Every organization wants to have its development processes documented into Standard Operating Procedures (SOPs) for the obvious reasons – faster onboarding, standardization, auditing, etc… The Holy Grail is the potential to hire a bunch of contractors (or outsource), tell them to read a novel worth of documentation, and then they’re fully up to speed a week later. SOPs also imply that the team knows what it is doing and has a plan, which is one indicator of a mature organization. SOPs are also a prerequisite for outsourcing, an appealing option for large organizations.
While documentation has its benefits, you can’t rely solely on large documents to communicate process and onboard new people. Here are at least four common problems, and it will result in a frustrated and confused team:
- The doc itself will be wrong (or outdated), such as skipping steps or assuming institutional knowledge. This is especially common if you hire outside consultants (with no institutional knowledge of your systems) to document your process.
- It’s easier to bluff a doc – a busy tech writer will hurry the doc, thinking it looks done ("I’ve written 50 pages!"), but the content won’t be correct or specific enough.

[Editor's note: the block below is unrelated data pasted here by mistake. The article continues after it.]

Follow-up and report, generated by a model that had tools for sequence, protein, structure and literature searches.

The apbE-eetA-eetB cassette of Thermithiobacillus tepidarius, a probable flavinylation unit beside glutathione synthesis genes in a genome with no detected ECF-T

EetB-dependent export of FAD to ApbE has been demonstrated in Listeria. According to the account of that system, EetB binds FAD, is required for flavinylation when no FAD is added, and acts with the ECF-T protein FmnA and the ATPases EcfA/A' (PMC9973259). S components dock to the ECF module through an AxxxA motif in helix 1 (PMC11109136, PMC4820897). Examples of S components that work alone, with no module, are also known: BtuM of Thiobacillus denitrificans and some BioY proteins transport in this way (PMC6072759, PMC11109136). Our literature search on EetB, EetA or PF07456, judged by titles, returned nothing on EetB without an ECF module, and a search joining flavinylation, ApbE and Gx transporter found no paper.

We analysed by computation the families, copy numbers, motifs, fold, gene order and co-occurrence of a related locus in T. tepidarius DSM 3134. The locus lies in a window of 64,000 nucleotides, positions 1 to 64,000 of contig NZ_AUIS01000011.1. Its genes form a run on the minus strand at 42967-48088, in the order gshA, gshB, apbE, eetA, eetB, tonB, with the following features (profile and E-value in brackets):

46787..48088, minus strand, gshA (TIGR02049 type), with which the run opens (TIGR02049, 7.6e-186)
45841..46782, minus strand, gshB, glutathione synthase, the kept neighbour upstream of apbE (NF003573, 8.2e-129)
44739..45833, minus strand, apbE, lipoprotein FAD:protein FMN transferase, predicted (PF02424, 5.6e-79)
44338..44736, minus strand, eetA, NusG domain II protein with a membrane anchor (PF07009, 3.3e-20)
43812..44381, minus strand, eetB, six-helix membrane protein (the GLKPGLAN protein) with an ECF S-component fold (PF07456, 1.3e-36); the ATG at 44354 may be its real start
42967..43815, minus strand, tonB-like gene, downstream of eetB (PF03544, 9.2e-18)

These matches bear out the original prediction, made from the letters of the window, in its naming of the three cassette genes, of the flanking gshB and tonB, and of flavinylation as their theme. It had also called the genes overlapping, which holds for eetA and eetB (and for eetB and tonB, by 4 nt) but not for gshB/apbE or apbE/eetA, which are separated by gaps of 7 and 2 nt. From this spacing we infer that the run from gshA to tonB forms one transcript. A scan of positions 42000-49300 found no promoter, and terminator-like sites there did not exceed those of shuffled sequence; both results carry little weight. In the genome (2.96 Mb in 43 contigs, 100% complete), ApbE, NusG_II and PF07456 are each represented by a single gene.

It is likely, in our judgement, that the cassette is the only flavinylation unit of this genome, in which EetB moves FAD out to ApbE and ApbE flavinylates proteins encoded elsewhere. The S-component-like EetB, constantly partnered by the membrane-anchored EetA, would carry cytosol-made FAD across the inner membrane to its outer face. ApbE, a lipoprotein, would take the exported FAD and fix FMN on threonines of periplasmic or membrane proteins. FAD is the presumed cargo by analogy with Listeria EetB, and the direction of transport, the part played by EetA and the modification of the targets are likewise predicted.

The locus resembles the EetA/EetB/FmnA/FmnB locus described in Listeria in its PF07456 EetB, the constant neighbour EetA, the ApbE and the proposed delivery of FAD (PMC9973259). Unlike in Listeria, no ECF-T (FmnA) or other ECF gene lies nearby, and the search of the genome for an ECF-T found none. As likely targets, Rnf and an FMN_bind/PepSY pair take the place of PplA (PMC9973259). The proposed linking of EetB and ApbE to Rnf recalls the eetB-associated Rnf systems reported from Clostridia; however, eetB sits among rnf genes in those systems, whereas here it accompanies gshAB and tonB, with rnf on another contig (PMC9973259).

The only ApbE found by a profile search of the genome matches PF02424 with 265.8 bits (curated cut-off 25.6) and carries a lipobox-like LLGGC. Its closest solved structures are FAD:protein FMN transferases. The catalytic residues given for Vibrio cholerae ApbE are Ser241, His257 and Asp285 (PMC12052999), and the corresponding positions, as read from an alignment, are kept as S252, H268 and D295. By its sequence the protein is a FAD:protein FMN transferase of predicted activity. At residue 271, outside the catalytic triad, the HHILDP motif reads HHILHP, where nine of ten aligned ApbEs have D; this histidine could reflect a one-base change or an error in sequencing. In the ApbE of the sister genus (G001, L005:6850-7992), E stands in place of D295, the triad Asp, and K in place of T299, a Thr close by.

- Screens will vary (example: the software is upgraded or the OS doesn’t match).
- People simply won’t read the docs, they’re skim and miss details.
Several ways to communicate an SOP instead of just 30-page MSWord docs:
- Favor automation over documentation where possible. The best document is an automated script. A script is usually kept up to date (compared to a doc) because developers need the script to work. It’s also much faster (and less error-prone) for a new guy to kick off the script than to tediously step through 20 pages of instructions.
- Lower the cost of documenting by leveraging a wiki. Developers are far more likely to update or correct a wiki then a big MSWord doc on SharePoint.
- Favor simplifying the process so the doc itself is simpler.